The end of the 2019 school year coincides with an important milestone: Today, June 27, is the one year marker since the U.S. Supreme Court issued its landmark decision in Janus v. AFSCME, which determined that forcibly collecting union dues and fees from public workers, including teachers, is unconstitutional.
This summer is the perfect time to ask yourself the question: What is my union doing for me? Is it representing my values and does it have my best interests in mind?
The anniversary coincides with action this month by state lawmakers to sidestep the rights of public employees by advancing bills that are a clear contrast to the decision made by the nation’s highest court. It also demonstrates how little government unions really care about employees they represent.
The legislation that cleared the Senate and House this session would require that unions be granted special access to new employees in order to pressure them to join. In contrast, last summer, Gov. Gina Raimondo issued a directive to deny state-worker information to other private groups. The legislation also allows unions to charge certain fees to workers who choose not to pay for membership — a potentially unconstitutional ploy.
Many public employees will decide to remain in their union. Many others have already opted out of their membership — including 6% of state workers — but not all for the same reason. Some don’t like the extreme political positions of their union, while others feel their union has misplaced priorities: too little focus on local issues that affect them personally. Still others are turned off by corruption scandals by union leaders, while some simply don’t think they’re getting enough bang for their buck.
While unions have a long history representing public workers, recent trends have raised concerns. Unions are clearly worried about the Janus decision. With the support of sympathetic lawmakers, many states, at the urging of unions, are making it difficult for workers to freely exercise their new choices under Janus.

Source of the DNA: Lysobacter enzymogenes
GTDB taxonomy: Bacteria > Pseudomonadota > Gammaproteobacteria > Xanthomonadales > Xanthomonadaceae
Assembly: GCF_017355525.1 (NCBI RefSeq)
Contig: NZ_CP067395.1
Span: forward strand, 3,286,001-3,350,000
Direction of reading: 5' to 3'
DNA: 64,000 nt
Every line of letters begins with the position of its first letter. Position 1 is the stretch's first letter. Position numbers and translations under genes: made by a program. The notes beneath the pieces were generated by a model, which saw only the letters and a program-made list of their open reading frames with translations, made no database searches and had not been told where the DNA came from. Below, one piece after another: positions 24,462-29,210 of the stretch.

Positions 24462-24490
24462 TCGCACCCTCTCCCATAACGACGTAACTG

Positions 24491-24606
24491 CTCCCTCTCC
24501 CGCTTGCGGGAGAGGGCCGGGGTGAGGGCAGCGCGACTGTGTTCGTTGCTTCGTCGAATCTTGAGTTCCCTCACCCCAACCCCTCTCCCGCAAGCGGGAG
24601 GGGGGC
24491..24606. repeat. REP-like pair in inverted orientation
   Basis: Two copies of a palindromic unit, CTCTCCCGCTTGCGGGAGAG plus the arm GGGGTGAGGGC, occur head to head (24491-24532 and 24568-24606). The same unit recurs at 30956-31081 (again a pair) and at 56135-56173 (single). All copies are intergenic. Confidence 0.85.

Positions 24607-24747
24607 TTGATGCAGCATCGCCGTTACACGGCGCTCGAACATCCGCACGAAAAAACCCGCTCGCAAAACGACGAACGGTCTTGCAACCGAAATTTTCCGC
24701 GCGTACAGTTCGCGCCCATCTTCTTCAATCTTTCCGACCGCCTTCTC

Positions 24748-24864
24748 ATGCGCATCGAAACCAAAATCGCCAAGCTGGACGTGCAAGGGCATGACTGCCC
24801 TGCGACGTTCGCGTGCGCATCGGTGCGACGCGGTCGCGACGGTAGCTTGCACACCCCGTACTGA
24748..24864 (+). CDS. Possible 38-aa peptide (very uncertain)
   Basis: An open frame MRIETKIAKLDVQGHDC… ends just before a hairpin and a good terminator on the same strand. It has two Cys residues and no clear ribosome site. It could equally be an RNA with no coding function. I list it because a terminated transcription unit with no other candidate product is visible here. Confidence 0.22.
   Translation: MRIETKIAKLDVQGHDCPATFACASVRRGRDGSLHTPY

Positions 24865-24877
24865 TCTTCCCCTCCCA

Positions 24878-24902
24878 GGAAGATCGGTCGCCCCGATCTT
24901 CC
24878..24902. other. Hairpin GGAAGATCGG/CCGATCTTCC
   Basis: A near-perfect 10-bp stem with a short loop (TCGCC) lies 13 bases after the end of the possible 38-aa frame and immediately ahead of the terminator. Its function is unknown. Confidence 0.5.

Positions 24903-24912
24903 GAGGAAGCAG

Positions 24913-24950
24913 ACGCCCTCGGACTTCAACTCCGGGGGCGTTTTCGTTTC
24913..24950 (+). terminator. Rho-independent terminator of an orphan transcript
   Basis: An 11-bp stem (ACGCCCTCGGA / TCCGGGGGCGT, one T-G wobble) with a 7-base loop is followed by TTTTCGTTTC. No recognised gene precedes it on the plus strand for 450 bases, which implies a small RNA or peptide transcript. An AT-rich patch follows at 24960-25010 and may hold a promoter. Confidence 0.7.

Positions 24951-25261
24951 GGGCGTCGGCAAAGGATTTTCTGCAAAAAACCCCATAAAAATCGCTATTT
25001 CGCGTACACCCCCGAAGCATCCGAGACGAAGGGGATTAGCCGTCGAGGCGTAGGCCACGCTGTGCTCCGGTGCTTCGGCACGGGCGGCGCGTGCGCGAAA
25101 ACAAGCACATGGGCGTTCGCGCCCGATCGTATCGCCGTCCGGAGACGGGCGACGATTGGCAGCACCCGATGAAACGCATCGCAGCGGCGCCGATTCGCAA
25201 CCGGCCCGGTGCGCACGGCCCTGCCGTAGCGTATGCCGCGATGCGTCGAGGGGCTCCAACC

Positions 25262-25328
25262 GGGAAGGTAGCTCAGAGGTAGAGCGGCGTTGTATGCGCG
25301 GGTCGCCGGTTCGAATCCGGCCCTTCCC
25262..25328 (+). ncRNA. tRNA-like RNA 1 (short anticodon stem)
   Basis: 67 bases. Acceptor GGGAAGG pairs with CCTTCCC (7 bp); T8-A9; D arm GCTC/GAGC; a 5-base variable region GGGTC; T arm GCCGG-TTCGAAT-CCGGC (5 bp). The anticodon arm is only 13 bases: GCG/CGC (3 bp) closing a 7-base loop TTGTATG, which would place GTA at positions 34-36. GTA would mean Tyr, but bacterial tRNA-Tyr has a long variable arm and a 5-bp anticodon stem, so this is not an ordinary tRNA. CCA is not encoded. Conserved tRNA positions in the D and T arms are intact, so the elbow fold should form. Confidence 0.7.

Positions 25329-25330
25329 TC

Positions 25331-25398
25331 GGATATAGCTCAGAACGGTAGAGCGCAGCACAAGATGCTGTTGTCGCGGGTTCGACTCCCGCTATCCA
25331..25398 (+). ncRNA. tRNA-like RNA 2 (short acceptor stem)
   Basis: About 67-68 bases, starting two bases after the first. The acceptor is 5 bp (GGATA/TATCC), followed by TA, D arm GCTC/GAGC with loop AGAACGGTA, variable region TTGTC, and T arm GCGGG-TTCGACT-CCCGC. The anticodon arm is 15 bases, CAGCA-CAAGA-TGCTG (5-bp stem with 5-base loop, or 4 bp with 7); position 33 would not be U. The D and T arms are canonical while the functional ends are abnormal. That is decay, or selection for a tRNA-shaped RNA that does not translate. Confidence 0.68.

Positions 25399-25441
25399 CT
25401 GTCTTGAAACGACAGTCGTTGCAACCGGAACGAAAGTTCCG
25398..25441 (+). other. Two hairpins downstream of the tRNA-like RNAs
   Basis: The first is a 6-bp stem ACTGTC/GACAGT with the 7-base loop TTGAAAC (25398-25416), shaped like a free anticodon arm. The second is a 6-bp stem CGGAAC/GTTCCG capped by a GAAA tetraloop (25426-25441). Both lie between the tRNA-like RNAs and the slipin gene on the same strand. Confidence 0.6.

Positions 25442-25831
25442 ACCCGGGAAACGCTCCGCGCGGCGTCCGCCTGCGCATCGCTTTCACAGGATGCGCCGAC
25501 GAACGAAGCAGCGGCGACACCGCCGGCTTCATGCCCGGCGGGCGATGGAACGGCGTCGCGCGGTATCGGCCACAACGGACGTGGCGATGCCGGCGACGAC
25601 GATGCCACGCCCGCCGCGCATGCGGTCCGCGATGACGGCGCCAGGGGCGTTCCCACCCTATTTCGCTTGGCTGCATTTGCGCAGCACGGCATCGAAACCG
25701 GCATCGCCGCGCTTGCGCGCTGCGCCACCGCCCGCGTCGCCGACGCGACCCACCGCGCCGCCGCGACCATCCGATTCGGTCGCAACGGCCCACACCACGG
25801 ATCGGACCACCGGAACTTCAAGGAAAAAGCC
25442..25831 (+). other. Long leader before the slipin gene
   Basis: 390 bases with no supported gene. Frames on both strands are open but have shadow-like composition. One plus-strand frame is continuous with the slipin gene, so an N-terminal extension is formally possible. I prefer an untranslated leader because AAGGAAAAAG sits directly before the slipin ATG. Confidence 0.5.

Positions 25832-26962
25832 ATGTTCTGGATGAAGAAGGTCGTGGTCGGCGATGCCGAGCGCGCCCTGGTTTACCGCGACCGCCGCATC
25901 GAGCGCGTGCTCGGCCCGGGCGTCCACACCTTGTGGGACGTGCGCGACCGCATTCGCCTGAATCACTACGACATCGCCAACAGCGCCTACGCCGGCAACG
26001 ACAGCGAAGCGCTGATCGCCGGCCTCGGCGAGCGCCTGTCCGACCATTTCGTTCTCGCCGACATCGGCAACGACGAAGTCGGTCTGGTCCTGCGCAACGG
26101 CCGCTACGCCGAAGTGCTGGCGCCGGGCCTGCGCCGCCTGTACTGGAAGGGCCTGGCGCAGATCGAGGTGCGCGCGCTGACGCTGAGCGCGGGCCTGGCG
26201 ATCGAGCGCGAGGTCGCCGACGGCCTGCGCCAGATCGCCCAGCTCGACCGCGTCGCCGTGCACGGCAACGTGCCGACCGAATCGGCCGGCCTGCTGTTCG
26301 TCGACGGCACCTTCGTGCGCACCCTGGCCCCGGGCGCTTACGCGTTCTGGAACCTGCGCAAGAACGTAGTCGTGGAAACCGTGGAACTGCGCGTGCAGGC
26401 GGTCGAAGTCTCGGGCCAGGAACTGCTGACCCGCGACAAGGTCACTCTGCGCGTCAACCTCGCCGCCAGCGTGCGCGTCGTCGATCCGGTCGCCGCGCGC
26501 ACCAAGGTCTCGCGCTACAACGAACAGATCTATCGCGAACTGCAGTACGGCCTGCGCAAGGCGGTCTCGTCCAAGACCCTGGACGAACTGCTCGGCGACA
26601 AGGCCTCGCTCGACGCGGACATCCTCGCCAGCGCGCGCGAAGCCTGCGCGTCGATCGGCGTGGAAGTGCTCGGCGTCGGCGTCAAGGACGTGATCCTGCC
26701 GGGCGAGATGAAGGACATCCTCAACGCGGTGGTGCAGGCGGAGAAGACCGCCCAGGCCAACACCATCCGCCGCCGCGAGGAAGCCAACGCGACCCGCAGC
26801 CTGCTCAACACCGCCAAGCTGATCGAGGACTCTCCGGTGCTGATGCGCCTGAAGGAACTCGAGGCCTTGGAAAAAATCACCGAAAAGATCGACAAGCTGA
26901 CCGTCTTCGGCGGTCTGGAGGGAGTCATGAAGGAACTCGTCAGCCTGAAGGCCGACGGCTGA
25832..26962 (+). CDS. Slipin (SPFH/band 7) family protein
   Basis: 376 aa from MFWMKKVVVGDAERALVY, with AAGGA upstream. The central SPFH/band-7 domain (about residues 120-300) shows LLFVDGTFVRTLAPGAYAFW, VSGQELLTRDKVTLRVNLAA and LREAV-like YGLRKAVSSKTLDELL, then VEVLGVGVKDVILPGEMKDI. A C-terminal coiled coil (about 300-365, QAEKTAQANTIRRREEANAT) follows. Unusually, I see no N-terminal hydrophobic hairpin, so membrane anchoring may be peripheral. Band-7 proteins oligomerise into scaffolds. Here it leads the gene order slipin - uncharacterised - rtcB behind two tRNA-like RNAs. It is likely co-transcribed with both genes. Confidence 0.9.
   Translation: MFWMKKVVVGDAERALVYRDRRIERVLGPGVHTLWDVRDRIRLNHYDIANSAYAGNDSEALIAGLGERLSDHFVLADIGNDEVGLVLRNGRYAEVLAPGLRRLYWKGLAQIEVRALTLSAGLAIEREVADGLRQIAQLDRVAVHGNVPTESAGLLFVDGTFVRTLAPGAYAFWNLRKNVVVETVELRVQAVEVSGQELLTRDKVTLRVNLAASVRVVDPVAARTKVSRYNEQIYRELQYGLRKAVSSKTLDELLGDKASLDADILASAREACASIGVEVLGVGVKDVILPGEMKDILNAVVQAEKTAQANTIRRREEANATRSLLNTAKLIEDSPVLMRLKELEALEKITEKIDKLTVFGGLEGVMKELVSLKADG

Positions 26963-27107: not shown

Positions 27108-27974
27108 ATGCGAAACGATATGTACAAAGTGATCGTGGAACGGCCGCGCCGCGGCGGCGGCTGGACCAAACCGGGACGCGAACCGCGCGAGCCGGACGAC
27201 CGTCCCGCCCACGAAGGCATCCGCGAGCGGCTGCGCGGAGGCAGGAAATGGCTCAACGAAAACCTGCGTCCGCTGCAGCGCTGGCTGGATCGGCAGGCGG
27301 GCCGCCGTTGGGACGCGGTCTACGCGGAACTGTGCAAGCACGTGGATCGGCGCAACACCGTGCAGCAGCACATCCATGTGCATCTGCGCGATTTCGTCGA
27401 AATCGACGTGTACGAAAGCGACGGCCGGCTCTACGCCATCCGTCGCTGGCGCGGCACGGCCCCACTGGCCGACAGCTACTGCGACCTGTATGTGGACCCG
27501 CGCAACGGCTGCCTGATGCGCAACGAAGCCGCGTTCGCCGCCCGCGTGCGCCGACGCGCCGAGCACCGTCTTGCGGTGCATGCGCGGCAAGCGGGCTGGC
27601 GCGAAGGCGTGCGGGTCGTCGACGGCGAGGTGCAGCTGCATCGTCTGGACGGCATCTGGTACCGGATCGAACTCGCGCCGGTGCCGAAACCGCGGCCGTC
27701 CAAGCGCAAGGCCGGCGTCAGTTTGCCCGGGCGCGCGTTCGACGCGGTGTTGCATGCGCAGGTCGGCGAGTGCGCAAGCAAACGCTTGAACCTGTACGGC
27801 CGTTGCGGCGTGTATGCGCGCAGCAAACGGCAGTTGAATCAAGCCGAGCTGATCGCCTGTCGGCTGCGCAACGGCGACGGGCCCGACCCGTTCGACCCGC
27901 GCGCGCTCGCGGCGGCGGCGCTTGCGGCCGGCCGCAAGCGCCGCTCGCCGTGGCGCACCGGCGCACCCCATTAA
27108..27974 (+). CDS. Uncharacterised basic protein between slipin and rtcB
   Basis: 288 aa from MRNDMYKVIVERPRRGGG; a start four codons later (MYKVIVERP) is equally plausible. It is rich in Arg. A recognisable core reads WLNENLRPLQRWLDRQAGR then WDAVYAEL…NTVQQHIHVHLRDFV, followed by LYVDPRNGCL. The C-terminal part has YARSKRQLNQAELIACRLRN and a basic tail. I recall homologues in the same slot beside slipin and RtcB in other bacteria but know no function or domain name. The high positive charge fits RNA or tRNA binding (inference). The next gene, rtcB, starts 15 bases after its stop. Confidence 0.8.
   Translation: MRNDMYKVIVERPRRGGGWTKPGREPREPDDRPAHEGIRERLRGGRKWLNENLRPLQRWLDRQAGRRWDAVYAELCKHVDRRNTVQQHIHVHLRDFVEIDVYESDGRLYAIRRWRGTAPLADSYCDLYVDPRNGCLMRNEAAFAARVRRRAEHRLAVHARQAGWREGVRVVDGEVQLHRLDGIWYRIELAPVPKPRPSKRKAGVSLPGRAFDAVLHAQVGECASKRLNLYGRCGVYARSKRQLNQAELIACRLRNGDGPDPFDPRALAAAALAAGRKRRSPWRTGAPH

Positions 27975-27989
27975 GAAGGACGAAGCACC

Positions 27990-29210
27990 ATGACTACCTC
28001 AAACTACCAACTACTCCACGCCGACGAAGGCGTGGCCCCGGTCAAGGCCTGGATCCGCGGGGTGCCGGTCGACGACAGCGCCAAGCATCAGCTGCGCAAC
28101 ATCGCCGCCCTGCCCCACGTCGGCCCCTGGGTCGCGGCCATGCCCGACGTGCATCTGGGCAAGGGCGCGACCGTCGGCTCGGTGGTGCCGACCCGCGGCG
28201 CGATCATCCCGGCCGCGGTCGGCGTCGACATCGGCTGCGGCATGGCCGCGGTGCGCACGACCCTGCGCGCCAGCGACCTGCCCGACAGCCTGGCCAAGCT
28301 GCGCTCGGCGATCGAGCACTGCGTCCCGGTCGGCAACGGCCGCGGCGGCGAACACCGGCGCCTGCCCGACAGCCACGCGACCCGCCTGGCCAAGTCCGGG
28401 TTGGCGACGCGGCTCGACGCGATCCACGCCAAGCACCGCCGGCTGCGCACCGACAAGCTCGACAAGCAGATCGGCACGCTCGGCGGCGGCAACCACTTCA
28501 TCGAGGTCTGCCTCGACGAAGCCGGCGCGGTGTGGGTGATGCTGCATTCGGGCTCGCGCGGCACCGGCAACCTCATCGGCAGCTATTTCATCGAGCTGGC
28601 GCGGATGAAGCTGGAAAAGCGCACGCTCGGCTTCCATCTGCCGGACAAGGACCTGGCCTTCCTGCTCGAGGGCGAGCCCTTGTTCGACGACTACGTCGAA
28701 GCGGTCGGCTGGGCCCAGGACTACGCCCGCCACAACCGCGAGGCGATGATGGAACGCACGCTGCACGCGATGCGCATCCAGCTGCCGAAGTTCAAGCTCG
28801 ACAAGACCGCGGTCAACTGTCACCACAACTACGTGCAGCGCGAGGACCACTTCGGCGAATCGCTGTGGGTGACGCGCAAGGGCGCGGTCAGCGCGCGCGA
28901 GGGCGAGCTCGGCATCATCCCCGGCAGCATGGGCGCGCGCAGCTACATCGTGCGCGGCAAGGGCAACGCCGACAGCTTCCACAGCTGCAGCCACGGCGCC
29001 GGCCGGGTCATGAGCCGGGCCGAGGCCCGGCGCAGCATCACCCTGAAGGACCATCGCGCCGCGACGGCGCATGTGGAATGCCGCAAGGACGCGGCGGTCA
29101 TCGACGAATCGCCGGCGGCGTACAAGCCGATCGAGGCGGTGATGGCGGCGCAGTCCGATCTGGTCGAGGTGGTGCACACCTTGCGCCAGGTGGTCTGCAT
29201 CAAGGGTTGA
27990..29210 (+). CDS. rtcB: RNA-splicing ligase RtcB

In a move to protect the labor unions that helped elect him and so many of his colleagues here in Rhode Island, former Attorney General Peter Kilmartin issued a public statement last fall that misled public workers about their Janus rights. Legal experts rightly called out this failure of leadership.
Also exposed last year in the news, the National Education Association Rhode Island, a teachers union, issued a misleading and coercive letter to its Bristol-Warren members. And just late last month, the Rhode Island Ethics Commission launched an investigation into an apparent conflict of interest by state Sen. Valarie Lawson, D-East Providence. Lawson, a high school teacher and NEARI vice president, cosponsored, advocated for, and then voted multiple times for legislation promoted by her union.
Government employees should not fall victim to union antics that trap them and force them to continue to pay for representation they do not want. Public employees should be made fully aware of the court decision that restored their First Amendment rights, allowing them to freely make their own informed decisions. Should they choose to exercise these rights, no worker should have to worry about facing recrimination in the workplace.
Since unions and government officials have chosen not to appropriately advise their own members and employees, the My Pay, My Say campaign we are helping to lead is serving as a fact-based resource for public employees in Rhode Island and around the country to inform them of their rights and offer the service of legal experts if needed.
The Janus decision has served as a wake-up call for many public sector unions. But instead of re-evaluating how they can better represent public workers, many have resorted to pressuring employees and putting up roadblocks for those looking to act freely. Hardworking teachers and all public employees deserve a fully-informed and completely free choice.